Short chance due to World Cup defeat

25.11.2022 – The round has to go into the square and before the game is after the game. Every four years, the country is buzzing with platitudes about the World Cup. And there is also the question of whether the soccer match has an impact on the stock market. In fact, there are one or two experts who claim that it does. Especially in the case of disappointments. Which brings the DAX into focus for us.

If what you read below is true, then the DAX is facing a major short opportunity. Because after the 0:12 against Spain on Sunday, the frustration should be discharged quite violently. Which would then perhaps end the upward trend in the daily chart. But joking aside: In fact, according to experts, there are good reasons for traders to keep an eye on the World Cup.


Source: Bernstein Bank GmbH

For example, Professor Alex Edmans, once of the Wharton School, University of Pennsylvania, now of the London Business School, concluded in his paper “Sport Sentiment and Stock Returns” after researching 39 states that there is indeed a correlation between asset prices and soccer.

World Cup exit sinks prices
While the paper dates from 2007, Mr. Edmans teaches at top addresses, so we shouldn’t ignore him. Specifically, it says: “elimination from a major international soccer tournament is associated with a next-day return on the national stock market index that is 38 basis points lower than average.” In other words, the frustration continues on the stock market. To be sure, his research doesn’t give anything for the bulls: “We find no evidence of a corresponding effect after wins for any of the sports that we study.”
Small exchanges with local stocks suffer
But for the bears, he does have fodder: “we are able to reject the hypothesis that the loss effect after soccer games is driven by economic factors such as reduced productivity or lost revenues.” And then he gets even more specific: “the effect is stronger in small stocks, which other studies find are disproportionately held by local investors and more strongly affected by sentiment. Overall, our interpretation of the evidence is that the loss effect is caused by a change in investor mood.”

Radio silence on games
The Straits Times, unfortunately without citing sources, adds that in the first month after a World Cup final, seven of nine loser’s stock markets performed 1.4 percent below the global average. Over the next two months, the bear market continued, with a relative loss of 5.6 percent. What’s more, he said, vola is falling: in one case, the number of trades on the Chilean stock market fell 83 percent during a World Cup match. In fact, Latin American stock markets in particular reacted to the games. The plunge in trades starts before the match and lasts up to 45 minutes after the match, he said. Further, there would be a dip in trades of 5 percent on a goal. In general, relevant news for the stock market during soccer would be processed much later than normal.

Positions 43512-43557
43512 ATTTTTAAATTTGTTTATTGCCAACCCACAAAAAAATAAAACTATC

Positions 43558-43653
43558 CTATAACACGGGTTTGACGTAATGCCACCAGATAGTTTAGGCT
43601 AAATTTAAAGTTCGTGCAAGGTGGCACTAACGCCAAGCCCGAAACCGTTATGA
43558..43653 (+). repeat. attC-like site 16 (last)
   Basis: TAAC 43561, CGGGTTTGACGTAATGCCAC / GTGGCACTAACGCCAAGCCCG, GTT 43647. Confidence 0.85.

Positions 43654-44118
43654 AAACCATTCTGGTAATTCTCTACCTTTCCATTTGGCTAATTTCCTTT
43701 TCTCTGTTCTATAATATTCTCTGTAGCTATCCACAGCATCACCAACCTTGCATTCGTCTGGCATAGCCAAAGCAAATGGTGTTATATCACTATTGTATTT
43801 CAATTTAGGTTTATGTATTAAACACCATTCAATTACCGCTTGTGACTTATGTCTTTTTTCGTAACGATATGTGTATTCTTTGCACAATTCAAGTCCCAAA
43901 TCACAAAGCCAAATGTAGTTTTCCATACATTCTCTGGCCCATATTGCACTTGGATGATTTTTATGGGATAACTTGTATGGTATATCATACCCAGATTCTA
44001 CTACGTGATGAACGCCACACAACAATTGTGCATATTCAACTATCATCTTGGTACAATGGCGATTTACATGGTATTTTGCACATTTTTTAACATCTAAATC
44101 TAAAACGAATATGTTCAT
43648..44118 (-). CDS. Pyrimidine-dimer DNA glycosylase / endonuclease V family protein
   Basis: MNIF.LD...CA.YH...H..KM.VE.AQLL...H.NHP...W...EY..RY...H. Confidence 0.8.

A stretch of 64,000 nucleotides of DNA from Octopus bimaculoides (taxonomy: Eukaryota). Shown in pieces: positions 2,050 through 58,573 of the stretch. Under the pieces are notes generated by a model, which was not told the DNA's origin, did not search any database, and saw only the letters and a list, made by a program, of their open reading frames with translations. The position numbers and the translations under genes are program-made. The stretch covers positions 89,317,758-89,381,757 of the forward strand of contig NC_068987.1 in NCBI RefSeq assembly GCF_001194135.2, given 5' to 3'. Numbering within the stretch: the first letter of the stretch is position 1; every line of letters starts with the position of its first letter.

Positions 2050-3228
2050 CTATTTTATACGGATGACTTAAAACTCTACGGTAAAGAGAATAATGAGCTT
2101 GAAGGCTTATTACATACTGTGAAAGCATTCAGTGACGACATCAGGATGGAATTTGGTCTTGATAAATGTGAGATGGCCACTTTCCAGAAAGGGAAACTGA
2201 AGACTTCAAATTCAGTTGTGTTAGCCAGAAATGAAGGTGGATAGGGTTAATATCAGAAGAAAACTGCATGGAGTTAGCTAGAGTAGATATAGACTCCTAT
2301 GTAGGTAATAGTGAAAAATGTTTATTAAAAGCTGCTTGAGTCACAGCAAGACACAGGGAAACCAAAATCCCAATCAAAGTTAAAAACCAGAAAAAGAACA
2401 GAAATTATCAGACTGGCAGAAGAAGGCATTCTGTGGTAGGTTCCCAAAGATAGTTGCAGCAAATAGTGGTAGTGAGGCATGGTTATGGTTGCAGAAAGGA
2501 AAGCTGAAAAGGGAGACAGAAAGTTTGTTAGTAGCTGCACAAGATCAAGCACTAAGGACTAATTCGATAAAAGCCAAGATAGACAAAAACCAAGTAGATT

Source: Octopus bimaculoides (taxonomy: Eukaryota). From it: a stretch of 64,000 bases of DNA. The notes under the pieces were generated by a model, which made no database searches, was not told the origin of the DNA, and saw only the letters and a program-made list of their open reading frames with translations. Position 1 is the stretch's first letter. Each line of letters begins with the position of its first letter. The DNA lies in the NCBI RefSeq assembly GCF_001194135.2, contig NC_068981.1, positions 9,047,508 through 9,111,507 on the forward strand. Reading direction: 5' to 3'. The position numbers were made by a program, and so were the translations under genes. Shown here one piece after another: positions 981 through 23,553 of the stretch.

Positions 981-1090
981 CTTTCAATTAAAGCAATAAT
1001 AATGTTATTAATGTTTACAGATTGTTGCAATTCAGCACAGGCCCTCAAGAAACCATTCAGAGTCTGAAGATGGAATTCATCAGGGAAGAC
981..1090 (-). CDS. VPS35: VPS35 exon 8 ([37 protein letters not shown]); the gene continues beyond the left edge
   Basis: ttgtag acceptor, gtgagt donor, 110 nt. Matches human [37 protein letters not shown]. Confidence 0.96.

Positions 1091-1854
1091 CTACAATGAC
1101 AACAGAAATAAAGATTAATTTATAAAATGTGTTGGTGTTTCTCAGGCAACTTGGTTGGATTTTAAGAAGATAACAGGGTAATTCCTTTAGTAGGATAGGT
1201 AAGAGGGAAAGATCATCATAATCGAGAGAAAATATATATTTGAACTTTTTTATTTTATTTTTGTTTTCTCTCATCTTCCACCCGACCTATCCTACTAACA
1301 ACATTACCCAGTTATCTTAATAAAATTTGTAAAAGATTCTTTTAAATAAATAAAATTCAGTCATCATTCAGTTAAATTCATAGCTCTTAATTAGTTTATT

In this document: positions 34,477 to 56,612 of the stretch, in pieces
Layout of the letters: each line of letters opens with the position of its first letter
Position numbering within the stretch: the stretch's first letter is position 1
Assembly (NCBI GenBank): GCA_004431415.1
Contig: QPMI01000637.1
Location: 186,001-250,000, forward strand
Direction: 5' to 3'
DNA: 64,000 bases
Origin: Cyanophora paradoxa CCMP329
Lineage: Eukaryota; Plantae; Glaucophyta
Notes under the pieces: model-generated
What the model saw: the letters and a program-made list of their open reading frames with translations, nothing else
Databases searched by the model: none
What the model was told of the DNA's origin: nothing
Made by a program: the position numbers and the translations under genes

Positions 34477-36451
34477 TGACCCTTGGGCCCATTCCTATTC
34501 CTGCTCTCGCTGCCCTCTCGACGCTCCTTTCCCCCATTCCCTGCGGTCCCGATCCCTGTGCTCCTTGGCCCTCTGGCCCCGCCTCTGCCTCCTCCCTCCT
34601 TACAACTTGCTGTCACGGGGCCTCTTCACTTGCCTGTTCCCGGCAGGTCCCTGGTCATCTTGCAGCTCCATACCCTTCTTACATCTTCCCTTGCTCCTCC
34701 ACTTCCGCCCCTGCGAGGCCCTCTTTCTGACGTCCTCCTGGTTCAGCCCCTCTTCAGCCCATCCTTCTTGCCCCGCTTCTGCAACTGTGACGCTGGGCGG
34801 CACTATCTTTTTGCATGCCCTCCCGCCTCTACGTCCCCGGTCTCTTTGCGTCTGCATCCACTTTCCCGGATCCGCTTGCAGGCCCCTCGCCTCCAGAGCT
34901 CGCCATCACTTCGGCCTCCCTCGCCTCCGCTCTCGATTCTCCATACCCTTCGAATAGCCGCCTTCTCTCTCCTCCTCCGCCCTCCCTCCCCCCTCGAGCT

Even a minus in the SPX
Even for the U.S., Israeli researchers Guy Kaplanski and Haim Levy found a correlation in 2008. In their study “Exploitable Predictable Irrationality: The FIFA World Cup Effect on the U.S. Stock Market,” they analyzed data from 1950 to 2006. According to the study, the S&P 500 Composite Index recorded a return of minus 2 percent during the tournament. We think this is astonishing, given that the disinterest in soccer is traditionally even greater in the U.S. than it is here in Germany.
Our conclusion: Psychology is at work on the trading floor during the World Cup. And in the event of disappointment, selling pressure is on the cards. Brokers are probably not mentally in a position to deal with shares for the time being. And that’s why the inclination to buy dries up, especially in small stock markets with strong national investment. Now that’s a truly concrete tip for traders and investors: Keep an eye on equity markets where teams are disappointing in the World Cup. However, the big factors remain: Liquidity and investment pressure in funds, monetary policy and inflation/recession. Bernstein Bank wishes successful trades and investments!


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CFDs are complex instruments and come with a high risk of losing money rapidly due to leverage. 68% of retail investor accounts lose money when trading CFDs with this provider.
You should consider whether you understand how CFDs work and whether you can afford to take the high risk of losing your money.